When discussing how designs actually get done, terms like “graph” get tossed about in a manner that, unless you’re in the thick of this stuff, might be confusing. I certainly got confused, and Synopsys’s Pierre Paulin helped me to unpack what’s going on. This really gets to the design flow for a vision application.
Much of the discussion revolves around the CNN per se. But there’s lots more to a full-on design than just the CNN. The processing of images can be expressed as a dataflow graph, represented, amongst other options, using an open-source format, OpenVX. Each node in the graph will represent a task of some sort. Some might be CNN-related, but not necessarily others. You may have some filtering to do, noise reduction, color conversion, region-of-interest isolation – any number of such functions that don’t involve a CNN. Eventually, the data might be delivered to a CNN for image content classification.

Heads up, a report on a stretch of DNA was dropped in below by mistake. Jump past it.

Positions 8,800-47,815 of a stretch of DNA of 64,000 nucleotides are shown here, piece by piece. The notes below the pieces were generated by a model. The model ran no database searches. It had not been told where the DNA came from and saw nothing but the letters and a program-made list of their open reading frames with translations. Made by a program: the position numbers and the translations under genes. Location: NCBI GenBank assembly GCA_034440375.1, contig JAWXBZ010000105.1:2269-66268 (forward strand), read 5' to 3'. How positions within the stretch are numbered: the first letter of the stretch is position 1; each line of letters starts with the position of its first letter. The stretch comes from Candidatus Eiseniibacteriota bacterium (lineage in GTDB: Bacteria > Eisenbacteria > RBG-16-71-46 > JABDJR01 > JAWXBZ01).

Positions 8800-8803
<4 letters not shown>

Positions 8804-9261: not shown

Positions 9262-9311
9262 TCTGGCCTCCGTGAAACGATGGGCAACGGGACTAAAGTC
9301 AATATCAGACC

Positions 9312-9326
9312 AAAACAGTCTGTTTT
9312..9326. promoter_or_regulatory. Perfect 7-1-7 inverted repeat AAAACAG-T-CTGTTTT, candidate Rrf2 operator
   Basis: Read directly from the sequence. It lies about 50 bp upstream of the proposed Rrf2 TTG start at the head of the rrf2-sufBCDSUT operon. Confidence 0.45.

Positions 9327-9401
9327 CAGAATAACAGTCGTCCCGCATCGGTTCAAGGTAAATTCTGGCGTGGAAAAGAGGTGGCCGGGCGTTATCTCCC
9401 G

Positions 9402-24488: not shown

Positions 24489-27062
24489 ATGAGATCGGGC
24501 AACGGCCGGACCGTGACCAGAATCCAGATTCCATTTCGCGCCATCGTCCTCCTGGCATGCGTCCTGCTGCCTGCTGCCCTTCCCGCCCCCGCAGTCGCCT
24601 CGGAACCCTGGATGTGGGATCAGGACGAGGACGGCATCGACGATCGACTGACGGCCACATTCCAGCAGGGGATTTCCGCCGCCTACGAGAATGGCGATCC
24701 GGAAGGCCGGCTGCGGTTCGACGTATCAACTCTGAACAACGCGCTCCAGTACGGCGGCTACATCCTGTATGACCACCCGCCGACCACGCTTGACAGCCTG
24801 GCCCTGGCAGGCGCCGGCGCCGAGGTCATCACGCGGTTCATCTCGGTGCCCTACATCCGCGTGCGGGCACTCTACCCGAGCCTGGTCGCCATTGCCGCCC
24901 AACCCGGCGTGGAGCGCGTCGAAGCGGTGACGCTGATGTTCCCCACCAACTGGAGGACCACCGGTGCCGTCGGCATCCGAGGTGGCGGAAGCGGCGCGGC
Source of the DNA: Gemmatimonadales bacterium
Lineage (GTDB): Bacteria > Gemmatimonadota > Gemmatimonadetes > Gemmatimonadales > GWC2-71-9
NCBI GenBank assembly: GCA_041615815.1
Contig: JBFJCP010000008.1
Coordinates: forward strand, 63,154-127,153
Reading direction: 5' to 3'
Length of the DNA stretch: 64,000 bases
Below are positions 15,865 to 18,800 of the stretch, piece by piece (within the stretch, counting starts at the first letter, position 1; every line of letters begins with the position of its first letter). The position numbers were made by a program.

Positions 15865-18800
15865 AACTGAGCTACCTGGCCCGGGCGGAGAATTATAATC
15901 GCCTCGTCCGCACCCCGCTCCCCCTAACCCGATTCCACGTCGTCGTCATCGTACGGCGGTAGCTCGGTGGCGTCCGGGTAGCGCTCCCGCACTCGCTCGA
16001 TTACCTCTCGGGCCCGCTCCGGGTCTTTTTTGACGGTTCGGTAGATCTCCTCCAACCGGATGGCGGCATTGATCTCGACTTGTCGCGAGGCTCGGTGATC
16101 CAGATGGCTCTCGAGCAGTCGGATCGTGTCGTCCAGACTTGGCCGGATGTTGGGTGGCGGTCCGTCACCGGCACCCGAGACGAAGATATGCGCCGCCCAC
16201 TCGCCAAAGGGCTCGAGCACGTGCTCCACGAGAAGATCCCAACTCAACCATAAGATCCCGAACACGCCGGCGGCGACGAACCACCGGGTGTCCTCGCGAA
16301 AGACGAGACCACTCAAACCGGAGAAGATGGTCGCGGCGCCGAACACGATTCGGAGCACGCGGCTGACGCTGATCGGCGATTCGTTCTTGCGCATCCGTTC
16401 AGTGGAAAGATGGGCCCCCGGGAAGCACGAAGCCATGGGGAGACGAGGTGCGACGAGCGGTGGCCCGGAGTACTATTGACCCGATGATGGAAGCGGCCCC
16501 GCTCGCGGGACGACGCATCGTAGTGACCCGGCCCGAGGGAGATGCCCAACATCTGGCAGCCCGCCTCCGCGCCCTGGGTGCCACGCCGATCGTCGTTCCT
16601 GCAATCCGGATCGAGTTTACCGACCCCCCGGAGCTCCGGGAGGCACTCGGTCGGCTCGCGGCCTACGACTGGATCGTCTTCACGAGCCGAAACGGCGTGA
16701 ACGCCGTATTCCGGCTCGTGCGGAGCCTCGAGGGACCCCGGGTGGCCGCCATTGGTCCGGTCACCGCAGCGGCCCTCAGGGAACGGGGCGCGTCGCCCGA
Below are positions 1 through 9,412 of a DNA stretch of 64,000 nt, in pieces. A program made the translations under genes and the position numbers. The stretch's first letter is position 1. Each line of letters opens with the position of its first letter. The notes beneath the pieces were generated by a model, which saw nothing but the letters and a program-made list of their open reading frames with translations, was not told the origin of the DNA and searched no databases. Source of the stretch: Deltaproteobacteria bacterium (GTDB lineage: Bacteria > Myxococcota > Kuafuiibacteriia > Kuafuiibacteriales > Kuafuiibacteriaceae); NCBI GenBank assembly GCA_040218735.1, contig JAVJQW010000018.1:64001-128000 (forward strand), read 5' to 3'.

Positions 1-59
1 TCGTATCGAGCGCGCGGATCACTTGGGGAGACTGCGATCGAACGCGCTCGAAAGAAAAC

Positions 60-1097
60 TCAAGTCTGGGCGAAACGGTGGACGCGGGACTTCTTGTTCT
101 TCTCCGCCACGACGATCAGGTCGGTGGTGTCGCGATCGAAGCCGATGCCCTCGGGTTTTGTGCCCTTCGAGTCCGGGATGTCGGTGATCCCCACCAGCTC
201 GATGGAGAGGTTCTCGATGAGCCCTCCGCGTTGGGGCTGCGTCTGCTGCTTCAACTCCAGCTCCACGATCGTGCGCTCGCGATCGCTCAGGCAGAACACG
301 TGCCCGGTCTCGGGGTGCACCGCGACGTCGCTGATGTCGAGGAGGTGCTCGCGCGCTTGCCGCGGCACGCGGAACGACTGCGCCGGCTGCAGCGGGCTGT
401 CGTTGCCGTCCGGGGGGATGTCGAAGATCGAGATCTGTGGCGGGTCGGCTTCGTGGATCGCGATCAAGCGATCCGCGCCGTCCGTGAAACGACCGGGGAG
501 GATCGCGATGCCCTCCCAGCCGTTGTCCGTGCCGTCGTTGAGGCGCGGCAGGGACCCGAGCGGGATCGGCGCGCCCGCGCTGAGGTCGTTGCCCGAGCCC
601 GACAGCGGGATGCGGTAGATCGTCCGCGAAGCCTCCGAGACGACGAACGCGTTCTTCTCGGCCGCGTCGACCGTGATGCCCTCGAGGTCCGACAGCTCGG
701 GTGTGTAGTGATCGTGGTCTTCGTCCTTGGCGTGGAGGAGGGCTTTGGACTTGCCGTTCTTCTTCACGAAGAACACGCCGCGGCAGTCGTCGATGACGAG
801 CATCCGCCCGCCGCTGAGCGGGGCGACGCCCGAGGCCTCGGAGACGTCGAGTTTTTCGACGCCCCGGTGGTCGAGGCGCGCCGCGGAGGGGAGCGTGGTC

Each of those nodes requires an implementation. Let’s hold off on the CNN nodes for a minute and look at the others. Some tools have library implementations of common functions, and so that code can come right over. Custom nodes, on the other hand, have to be hand-written. While C is a common language for this, it’s common to use intrinsics within C to craft vision code.
But there is an OpenCL standard for coding such functions, and a subset of that is a C variant called OpenCL C. This is again a platform-independent way of coding the node. It’s what Synopsys supports; more on how that works shortly.
So you’ve got this high-level graph representing the entire application. The graph is independent of the actual processing platform, which allows you to design and test out an algorithm first and then figure out which platform is best at implementing the algorithm. We’ve seen both Cadence and Synopsys platforms here, but there could be many more. And they’re typically heterogeneous, potentially having some combination of multiple CPUs, GPUs, DSPs, and CNNs – just to name a few. Implementing the application graph means mapping the nodes in the graph – each of which is a task – to different cores in the platform and then compiling each task for its node.